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Religious discrimination claims in the workplace rising

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Religious discrimination claims in the workplace rising

Religious discrimination claims in the workplace are on the rise and expected to be a growing problem for employers, which experts say reflects a rise in religious rhetoric and better employee knowledge of their rights.

The U.S. Equal Employment Opportunity Commission says there were 4,151 religious discrimination claims filed with the agency during fiscal 2011, a 9.5% increase from the previous year. Such claims have increased steadily since 2005.

While many of these claims are motivated by perceived anti-Muslim bias, adherents of other religions claim bias, too (see related story).

Observers say two of the biggest issues with regard to religious discrimination claims are accommodations for taking time off for the Sabbath and garb issues, such as Muslim women's requests to wear head coverings.

Steps employers can take to address the issue include developing a more tolerant environment and improved training, say observers (see story, page 18).

Many observers say they expect the number of religious discrimination claims will continue to increase.

“We have a growing willingness of people to carry their faith into the workplace, and we see that reflected in employees who are seeking accommodations to engage in religious practices at work,” said Jeffrey I. Pasek, a member of law firm Cozen O'Connor P.C. in Philadelphia. Some employees “are using their workplace as a way to propagate their beliefs, proselytize,” while other employees “just want to be left alone.”

Add to that a rise in religious fundamentalism, “which we see all around the world, that causes people to be less tolerant of other religions,” Mr. Pasek said, and “the increasing number of religions in the United States,” the variations within different sects and “growing media attention to intergroup conflict post-9/11, and you can see why” the number of religious discrimination charges has more than doubled from 1997, he said.

Samuel J. Cordes, a plaintiffs attorney with Samuel J. Cordes & Associates in Pittsburgh, said people have the attitude that “times are tough, and sometimes you have to give up your religion when times are tough,” although “clearly the laws are supposed to protect against that kind of thought.”

The increased religious discrimination claims are “just a reflection of the growing religious diversity that exists in this country and the workplace,” said Ron Chapman Jr., a shareholder with law firm Ogletree Deakins Nash Smoak & Stewart P.C. in Dallas. Religious groups “are becoming more cognizant about their rights and more vocal about asserting those rights,” he said.

Employers “are more savvy about what their rights are and more aware” of where they can seek an accommodation, “so they tend to look for opportunities” where they can do so, said Diana L. Hoover, a partner with Hoover Kernell L.L.P. in Houston.

It's possible, she said, that some employers are unaware of their need to accommodate employees on a religious basis.

“There's been so much publicized about sexual harassment and sex and racial harassment and discrimination and even age” discrimination, but “I don't know that there's been a similar focus” on religious discrimination in the workplace, she said.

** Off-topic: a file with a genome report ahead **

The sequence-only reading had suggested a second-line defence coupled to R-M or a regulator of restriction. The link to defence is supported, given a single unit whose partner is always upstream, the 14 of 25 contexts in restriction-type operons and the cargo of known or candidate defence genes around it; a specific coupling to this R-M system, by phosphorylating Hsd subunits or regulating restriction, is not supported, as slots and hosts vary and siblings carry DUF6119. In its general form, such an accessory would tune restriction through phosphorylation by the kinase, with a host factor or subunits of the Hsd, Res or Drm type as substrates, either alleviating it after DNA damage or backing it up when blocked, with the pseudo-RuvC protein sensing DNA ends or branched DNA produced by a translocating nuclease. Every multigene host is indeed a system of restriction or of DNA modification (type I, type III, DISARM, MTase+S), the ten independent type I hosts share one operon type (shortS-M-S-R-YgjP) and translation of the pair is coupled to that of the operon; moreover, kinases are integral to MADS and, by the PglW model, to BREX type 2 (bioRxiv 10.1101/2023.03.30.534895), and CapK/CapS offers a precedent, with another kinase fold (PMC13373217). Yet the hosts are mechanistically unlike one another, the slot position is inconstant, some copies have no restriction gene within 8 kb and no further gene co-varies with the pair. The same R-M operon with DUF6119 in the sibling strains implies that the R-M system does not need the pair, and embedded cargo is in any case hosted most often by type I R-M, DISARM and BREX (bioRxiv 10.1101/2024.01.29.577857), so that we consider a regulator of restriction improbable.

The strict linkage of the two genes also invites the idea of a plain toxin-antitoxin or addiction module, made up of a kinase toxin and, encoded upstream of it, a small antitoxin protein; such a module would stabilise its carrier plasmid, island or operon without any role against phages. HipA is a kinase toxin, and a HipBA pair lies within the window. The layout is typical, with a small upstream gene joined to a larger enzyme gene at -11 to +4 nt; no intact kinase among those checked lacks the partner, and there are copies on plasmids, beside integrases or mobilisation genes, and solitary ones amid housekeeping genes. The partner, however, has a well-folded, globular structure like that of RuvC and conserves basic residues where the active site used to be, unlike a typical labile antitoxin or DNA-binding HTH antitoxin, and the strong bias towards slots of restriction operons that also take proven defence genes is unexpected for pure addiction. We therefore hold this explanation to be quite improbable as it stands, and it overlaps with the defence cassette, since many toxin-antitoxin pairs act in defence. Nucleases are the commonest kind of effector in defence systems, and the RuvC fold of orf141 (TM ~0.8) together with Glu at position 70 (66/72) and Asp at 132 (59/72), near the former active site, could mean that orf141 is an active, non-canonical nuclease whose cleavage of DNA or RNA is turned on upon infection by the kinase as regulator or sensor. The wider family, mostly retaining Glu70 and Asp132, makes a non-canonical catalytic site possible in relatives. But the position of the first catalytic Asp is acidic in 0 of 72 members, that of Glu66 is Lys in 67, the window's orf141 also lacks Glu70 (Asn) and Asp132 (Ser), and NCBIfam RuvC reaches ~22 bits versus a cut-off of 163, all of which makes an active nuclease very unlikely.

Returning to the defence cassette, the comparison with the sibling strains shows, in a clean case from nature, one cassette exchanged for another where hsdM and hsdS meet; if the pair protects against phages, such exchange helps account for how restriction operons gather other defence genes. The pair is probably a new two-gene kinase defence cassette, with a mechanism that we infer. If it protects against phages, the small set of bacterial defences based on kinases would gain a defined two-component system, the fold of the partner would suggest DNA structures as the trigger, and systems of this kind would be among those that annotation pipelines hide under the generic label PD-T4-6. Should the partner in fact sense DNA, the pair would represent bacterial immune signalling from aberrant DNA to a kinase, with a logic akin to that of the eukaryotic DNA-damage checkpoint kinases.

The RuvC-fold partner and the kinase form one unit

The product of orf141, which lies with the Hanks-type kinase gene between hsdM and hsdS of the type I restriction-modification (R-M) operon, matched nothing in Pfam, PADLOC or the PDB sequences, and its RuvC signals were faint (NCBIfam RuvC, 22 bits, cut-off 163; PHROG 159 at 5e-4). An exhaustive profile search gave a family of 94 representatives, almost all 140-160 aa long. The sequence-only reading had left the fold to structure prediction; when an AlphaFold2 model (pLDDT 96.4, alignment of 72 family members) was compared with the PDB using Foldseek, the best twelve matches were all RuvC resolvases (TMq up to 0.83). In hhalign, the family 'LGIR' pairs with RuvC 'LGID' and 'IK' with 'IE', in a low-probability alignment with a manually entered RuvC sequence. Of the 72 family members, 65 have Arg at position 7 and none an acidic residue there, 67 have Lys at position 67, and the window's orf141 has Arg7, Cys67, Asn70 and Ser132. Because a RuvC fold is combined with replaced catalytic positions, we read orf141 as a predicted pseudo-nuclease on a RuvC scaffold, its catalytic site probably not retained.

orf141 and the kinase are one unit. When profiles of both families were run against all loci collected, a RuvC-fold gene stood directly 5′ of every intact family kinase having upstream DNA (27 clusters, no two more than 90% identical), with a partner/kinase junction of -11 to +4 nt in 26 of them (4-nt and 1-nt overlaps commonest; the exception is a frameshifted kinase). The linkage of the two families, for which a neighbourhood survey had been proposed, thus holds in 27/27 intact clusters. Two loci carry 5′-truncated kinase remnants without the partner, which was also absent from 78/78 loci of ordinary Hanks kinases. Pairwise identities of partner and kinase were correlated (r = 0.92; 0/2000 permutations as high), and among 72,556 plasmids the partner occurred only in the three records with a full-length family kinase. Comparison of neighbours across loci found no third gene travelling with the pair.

In addition, religious rhetoric in the U.S. presidential campaign may have become another factor as political developments become topics of discussion on the job, some observers say.

“Anytime you have the kind of rhetoric that we've seen on both sides—Democrats and Republicans proclaiming their strong religious beliefs—it does lead those who don't fall within those same religious beliefs to wonder if they're being excluded,” said Gregory V. Murray, vp at Vercruysse Murray & Calzone P.C. in Bingham Farms, Mich.

Many employers are being faced with situations where an employee might want to start a Bible study group and use a conference room, Ms. Hoover said, “and employers start questioning, "Do I have to do that?'” The political environment “has encouraged people to be more vocal about their religion and to raise it up, and I think employers are behind the curve in understanding what their duties are in that kind of situation,” she said.

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Ms. Hoover said her firm's clients include retailers that are open seven days a week, raising the issue of dealing with workers who want Friday and Saturday off, which could be their busiest days,” so they “are having to adjust to the idea they may have to accommodate,” such workers.

Other issues that may arise include grooming, including the length of beards and hair; religious requirements to wear religious symbols, which may clash with employers' dress policies; the need to take prayer breaks during the workday; and pharmacy employees who say they are not allowed to assist anyone in obtaining birth control.

Muslim women want to wear headgear ranging from scarves to full burqas “and still claim their rightful place in the workplace” and equal opportunity, “even though it's off-putting to a lot of business customers,” Mr. Pasek said. “But we also see people who are coming into work bringing Bibles, and trying to use their workplace interactions to proselytize, from the person in the next cubicle who plays religious music to the lunchroom lady who serves them mashed potatoes, with "Have a blessed day.'”

Mr. Chapman said accommodating religious requests “puts employers in a very tough spot” because they have to comply with religious accommodations while still running their business.

There also is “the danger of a backlash” from other employees who resent the special treatment they perceive these workers are getting, Mr. Chapman said.

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